Liz’s Story

Site created on October 5, 2020

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Newest Update

Journal entry by Liz Weiers

I’m back. 

November was busy and difficult. I crossed a line - where I once could live despite my symptoms, the illness leaked into my work, devoured my free time, and changed my appearance. I looked sick. I acted sick. 

On November 2nd, I bought a pack of 12 scarves on Amazon. I tied them into tortellini shapes and covered my fruitless scalp. I often wore a winter hat, but for work, the hat seemed too informal. However, healthy people wear hats. Healthy people do not wear square scarves covering the entire head. Even over Zoom, I finally looked sick. 

Weakness prevailed around the same time. Whenever I wasn’t working, I was lying in bed half awake or sitting on the couch with the TV in the background. I still napped over my lunch break and drank caffeine throughout the day just to stay awake. Unfortunately, my malnourished mind dominated and my work suffered. I received great support, but I still hated that I needed it. I hated myself for needing it.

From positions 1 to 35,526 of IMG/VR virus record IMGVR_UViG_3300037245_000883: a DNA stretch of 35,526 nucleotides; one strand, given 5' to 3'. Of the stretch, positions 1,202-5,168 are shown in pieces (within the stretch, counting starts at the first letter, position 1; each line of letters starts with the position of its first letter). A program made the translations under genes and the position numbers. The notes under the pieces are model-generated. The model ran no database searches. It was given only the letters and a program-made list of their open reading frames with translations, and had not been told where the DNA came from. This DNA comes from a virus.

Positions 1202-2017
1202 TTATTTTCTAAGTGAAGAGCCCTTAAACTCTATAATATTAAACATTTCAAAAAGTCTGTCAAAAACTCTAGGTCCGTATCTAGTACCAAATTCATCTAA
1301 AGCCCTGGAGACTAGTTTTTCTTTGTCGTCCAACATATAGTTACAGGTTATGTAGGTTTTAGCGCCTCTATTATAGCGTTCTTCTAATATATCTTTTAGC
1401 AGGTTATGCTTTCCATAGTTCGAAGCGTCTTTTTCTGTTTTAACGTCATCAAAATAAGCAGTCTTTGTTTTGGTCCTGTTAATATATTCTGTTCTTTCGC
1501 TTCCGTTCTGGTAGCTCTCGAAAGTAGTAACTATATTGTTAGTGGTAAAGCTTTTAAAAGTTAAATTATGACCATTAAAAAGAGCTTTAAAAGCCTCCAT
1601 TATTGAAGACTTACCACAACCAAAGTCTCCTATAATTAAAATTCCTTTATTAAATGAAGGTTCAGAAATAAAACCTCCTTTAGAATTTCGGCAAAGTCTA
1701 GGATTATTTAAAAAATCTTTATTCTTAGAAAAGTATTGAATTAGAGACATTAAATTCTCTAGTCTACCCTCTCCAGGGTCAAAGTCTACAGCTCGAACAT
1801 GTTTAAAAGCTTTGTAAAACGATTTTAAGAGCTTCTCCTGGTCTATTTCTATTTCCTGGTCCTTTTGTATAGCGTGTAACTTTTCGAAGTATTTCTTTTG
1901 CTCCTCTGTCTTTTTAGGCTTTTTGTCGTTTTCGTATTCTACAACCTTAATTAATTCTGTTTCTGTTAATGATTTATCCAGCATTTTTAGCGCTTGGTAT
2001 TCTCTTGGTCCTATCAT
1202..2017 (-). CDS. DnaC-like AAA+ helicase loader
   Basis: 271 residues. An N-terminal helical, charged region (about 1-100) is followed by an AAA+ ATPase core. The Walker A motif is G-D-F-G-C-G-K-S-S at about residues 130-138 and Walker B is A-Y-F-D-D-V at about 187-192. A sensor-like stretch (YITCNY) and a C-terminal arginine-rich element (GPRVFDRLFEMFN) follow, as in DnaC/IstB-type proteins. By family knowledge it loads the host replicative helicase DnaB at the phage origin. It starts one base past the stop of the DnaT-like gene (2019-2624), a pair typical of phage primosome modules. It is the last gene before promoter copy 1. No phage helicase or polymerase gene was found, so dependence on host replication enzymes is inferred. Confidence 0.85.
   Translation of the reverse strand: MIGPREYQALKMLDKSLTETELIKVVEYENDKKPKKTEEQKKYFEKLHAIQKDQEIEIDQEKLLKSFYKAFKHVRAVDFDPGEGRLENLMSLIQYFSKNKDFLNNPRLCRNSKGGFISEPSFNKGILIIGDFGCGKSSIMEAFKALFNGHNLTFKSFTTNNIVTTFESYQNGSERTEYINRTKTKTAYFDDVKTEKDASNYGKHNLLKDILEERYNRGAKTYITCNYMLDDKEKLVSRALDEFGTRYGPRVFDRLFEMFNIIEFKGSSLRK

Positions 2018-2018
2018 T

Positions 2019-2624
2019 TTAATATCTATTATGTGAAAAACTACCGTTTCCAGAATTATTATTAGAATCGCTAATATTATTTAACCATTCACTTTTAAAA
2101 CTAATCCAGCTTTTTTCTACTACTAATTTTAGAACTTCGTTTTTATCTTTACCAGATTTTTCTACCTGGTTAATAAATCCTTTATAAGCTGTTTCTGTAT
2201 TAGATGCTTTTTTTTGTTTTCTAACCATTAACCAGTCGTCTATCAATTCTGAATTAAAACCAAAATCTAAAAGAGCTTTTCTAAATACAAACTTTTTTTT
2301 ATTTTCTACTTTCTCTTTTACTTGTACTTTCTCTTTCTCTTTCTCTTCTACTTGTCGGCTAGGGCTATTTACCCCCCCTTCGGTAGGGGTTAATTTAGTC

I decided not to apply to graduate school this year. I simply could not work on the applications. Also, there’s no guarantee that I will be healthy next fall, and the MS programs I was interested in do not allow deferment. I will spend next year healing. 

My mom lost her patience when my hair fell out. She took me to our local Mayo Clinic for a GI referral on Election Day. By the time the election was over, I had seen two gastroenterologists, a dietitian, a few dermatologists, and vials and vials of my blood drained from my elbow. (I will share more about my Mayo experience another time.)

I traveled to Mayo several more times. I met tons of specialists who are probably famous to other specialists. I whipped up and down the Damon parking ramp. I finally got my tube placement scheduled and took a leave from work. 

After the tube placement, I fell sick due to referring syndrome. My body had been starving, and it couldn’t handle proper nutrition anymore. I spent a day in the hospital on a phosphorus IV. 

I am still very sick. The tube won’t fix me right away. I cannot lift boxes of the formula I consume. My mind still isn’t better, and I still weigh 85 pounds. It’s a start, though. I’m back and better than ever. 

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